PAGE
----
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Steve Hauschildt
Where All Is Fled (September 25, 2015)

Steve Hauschildt — Where All Is Fled (September 25, 2015)

   Steve Hauschildt — Where All Is Fled (September 25, 2015)
Born: 1984 in Bay Village, Ohio
Location: Cleveland, Ohio
Album release: September 25, 2015
Record Label: Kranky
Duration:     67:00
01 Eyelids Gently Dreaming     5:57 
02 Arpeggiare     7:32 
03 A Reflecting Pool     3:10 
04 Anesthesia     4:25 
05 Vicinities     5:02 
06 Edgewater Prelude     1:22 
07 In Spite of Time's Disguise     5:27 
08 Where All Is Fled     4:23 
09 The World Is Too Much with Us     5:02 
10 Aequus     6:18 
11 Caduceus     5:04 
12 Sundialed     5:34 
13 Lifelike     3:56 
14 Centrifuge     3:48
AllMusic Review by Paul Simpson;  Score: ****
≡   Where All Is Fled is Cleveland synth maestro Steve Hauschildt’s first solo album since the breakup of Emeralds, the beloved ambient trio he co–founded with Mark McGuire and John Elliott (not counting S/H, a 2013 double CD collection of unreleased material and rarities). The album moves away from the new wave melodies and vocoders of his previous full–length, 2012’s Sequitur, and comes a lot closer to the shimmering, arpeggio–heavy soundscapes of 2011’s Tragedy and Geometry, his debut solo album on Kranky. The main difference is that Where All Is Fled has a bit more of a lush, dreamy feel to it, with tracks soaked in a little bit more reverb and sounding slightly more suitable for stargazing. Opener "Eyelids Gently Dreaming" layers heavy, shadowy synth washes to spellbinding effect. A few tracks also have clearer, more upfront melodies; moments like the second half of "Arpeggiare" and the piano–driven beginning of the album’s title track could easily soundtrack a daytime TV drama. Hauschildt prevents things from getting too sterile by keeping the atmospheres fluid and surreal, constructing dizzying, ear–tickling synth melodies that gracefully shift around the cascading textures. Most of the album feels alive and rhythmic, rather than existing as formless drones, but the only track with an actual beat is "Aequus," which develops a wet, thumping ambient techno pulse; combined with chirping, dripping sonics, it’s akin to the Orb at their most magical. "Sundialed" has a simmering Italo–disco–esque bassline, but it keeps cool rather than erupting into a beat. Where All Is Fled builds on Hauschildt’s Berlin–school/kosmische influences while exploring new dimensions, resulting in his most immersive, accomplished solo work yet. ≡   http://www.allmusic.com/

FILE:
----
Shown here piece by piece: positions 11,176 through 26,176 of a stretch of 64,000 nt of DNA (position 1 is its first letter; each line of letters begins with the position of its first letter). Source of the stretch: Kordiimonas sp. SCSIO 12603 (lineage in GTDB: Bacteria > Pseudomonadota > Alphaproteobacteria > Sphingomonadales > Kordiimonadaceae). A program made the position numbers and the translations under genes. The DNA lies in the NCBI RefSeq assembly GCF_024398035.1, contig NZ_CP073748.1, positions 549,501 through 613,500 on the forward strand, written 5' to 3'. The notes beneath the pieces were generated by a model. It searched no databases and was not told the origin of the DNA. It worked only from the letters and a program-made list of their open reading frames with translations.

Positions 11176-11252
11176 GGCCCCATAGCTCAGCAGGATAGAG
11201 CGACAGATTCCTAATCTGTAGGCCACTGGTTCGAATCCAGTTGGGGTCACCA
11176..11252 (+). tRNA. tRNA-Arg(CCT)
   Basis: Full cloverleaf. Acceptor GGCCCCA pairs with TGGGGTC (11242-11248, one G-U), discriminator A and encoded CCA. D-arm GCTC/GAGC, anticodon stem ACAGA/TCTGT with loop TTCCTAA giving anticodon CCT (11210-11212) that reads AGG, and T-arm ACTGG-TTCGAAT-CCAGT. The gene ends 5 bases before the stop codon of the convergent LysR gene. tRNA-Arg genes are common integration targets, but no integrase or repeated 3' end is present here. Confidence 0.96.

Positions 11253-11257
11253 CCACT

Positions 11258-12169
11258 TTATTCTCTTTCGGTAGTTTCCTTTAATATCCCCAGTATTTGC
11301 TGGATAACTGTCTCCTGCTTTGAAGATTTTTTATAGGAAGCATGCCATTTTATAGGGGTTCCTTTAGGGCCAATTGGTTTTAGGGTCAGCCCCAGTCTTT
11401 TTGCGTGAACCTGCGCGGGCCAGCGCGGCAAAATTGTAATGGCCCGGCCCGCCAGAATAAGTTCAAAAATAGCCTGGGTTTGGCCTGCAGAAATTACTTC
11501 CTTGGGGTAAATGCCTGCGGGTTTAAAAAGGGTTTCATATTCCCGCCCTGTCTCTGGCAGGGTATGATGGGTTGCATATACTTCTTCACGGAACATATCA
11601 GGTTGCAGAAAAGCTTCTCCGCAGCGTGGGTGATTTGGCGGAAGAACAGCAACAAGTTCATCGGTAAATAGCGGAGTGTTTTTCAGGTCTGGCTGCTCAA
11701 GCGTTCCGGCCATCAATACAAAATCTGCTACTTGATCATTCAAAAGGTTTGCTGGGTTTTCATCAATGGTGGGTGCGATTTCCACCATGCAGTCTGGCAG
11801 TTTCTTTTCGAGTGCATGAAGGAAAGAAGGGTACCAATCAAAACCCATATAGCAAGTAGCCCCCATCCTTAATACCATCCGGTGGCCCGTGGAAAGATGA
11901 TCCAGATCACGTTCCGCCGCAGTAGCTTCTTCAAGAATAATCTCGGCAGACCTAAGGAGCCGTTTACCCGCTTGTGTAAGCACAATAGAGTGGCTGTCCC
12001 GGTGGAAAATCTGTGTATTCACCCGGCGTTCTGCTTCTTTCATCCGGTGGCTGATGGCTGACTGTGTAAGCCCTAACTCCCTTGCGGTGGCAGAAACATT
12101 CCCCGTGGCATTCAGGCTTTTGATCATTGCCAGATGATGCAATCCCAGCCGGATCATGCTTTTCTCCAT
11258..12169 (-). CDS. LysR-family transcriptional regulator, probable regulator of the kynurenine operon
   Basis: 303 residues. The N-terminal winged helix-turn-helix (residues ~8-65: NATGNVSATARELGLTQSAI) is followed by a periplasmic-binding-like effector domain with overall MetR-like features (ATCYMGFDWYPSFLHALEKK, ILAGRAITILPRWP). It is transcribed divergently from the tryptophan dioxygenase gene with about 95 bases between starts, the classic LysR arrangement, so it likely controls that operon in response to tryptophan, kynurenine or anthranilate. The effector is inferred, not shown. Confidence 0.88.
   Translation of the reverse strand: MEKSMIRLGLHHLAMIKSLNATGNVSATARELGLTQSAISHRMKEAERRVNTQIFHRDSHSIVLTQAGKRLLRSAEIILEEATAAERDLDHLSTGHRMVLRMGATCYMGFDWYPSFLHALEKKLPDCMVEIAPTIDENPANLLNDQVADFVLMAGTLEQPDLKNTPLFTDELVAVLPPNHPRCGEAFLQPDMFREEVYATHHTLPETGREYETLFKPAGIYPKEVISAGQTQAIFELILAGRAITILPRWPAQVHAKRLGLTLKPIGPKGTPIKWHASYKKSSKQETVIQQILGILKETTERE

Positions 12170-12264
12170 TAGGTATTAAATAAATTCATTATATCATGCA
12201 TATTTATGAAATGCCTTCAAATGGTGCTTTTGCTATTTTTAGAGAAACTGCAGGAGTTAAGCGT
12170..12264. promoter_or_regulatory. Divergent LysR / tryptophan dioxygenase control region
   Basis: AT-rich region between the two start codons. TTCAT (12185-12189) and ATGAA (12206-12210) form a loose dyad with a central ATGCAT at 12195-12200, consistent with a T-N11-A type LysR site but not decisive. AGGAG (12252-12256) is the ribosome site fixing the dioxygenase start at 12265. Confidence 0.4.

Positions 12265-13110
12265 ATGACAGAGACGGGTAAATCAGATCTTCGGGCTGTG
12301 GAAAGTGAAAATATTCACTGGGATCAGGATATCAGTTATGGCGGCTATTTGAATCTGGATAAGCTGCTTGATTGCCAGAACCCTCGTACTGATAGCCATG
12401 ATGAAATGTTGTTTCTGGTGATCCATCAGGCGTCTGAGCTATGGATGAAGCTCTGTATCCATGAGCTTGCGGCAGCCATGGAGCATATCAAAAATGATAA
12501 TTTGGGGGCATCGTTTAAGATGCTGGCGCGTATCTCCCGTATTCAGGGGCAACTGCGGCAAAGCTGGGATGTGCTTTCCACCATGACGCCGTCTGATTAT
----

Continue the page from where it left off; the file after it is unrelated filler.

Colin Joyce // September 23, 2015 // Score: 8 of 10
≡   New Age started as a musical genre with a functional purpose. Long before Mike Oldfield was disguising platinum–selling instrumentals in a shimmering haze of gauze and crystal, the late ’60s were rife with records explicitly designed for meditation and yoga. These slowed down and stretched out tapestries of stoned mantras and synth swells that could seem either embarrassingly chintzy or extraordinarily moving depending on the release. It’s taken Cleveland–based Steve Hauschildt reams and reams of magnetic tape to figure out the practical purpose of his own ambient–leaning recordings. But between ambulant keyboard work and track titles like “Anesthesia” and suggest, he’s found his soporific sweet spot on Where All Is Fled — this is Music for Sleepwalking, in its most gleefully otherworldly forms.